Davening for a sick person on Shabbos?
May one daven for a sick person on Shabbos?
Not a simple matter. Recall that we don’t say the regular, weekday Shmoneh Esrei, which contains a prayer to heal our sick, on that day.
What about making a מי שברך לחולים for an ill person on Shabbos?
Were your answers to the above two questions the same? Different? If so, why?
Mi shebeirach for cholim on Shabbos today
A recent issue of a קובץ תורני (Torah journal) by the name of קובץ חצי גבורים, פליטת סופרים, from this past אלול, includes a major contribution by רבש”ה, Rav Binyomin Shlomo Hamburger, נ”י, bearing the title of מי שברך לחולים בשבת, in which these and some related topics are masterfully and comprehensively expounded upon and explicated.
In many Shuls today, the mi shebeirach lecholim on Shabbos is a drawn out affair. Some people seem to rack their brains to think of any person, with almost any kind of health issue, they could include in it (not surprising – after all, we are רחמנים בני רחמנים :). In some places, long lists are read by the mi shebeirach maker, while in others a new custom has been innovated, in which people in the congregation say names they wish to have included, while remaining in their places.
Many people do not seem to be aware that it is not a simple matter to assume that davening for a sick person is allowed on Shabbos. While there were and are decisors who ruled that such davening is allowed, a significant body of חכמי אשכנז held that such is allowed only for a חולה שיש בו סכנה, someone who’s life is in danger, specifically בו ביום, on that very day of Shabbos.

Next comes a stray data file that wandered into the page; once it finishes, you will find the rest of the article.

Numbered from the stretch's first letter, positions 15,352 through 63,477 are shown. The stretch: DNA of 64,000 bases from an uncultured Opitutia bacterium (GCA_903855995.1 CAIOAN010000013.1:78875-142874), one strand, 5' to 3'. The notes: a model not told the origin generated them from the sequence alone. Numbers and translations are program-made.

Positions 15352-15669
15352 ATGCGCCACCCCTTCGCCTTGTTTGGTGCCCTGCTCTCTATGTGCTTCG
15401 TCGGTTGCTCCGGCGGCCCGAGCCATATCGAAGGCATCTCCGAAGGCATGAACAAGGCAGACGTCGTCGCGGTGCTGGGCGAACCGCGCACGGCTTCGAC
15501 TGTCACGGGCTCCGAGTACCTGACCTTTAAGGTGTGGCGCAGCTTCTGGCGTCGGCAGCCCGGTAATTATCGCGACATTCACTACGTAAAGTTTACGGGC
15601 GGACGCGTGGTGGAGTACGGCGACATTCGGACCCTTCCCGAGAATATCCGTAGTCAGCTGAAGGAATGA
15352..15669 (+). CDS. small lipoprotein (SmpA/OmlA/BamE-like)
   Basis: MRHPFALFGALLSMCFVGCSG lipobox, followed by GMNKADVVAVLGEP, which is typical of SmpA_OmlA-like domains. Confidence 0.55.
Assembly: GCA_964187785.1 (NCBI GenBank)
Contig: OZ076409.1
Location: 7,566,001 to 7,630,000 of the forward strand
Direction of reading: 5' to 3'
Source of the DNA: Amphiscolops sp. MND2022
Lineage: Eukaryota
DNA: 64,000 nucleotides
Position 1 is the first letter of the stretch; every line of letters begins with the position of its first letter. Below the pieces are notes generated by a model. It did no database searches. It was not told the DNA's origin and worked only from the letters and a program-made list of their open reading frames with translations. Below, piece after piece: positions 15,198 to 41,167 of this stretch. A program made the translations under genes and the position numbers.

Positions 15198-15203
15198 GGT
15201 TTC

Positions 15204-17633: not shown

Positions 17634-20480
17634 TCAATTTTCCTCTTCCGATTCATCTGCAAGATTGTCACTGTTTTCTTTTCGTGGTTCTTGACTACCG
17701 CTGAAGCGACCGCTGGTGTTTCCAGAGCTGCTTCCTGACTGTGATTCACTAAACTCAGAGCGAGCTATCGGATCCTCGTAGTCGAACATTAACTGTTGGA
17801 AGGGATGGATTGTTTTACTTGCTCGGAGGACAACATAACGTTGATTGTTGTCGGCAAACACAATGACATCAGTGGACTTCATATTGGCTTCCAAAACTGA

Mi Shebeirach for Cholim on Shabbos through the ages
Rav Hamburger takes his readers on a journey through many centuries, exploring how our chachomim addressed this issue, navigating skillfully through the waters of Talmud, and pages of Midrash, Responsa, and Siddurim. The wide ranging exposition ranges far and wide through many centuries, including examinations of various nuschaos (versions) of mi shebeirach texts, as well as the emendation made by R. Avraham Gombiner, the Magen Avrohom, to the מי שברך לחולה text, the reaction to it, and instructions (or their lack) in סידורים (prayer books).
Also discussed are the meanings of enigmatic Talmudic phrases that figure in the discussion, such as שבת היא מלזעוק ורפואה קרובה לבא, and יכולה היא שתרחם.
At the end he notes that while widely accepted poskim such as Chayei Adam, Aruch Hashulchan, Mishna Berurah, Shulchan Aruch Harav, among others, said that it should be restricted to a חולה מסוכן on Shabbos, much of Eastern European Jewry (with some notable exceptions) seem to be meikil on it, conducting unrestricted mi shebeirachs for cholim. On the other hand, the older minhog was maintained among Bnei Ashkenaz (‘Yekkes’), among whom, not only was such restricted to a choleh sheyeish bo sakonoh, but also the mi shebeirach used was a regular mi shebeirach לבריא, rather than the mi shebeirach lecholeh.
Understanding the spirit behind the practice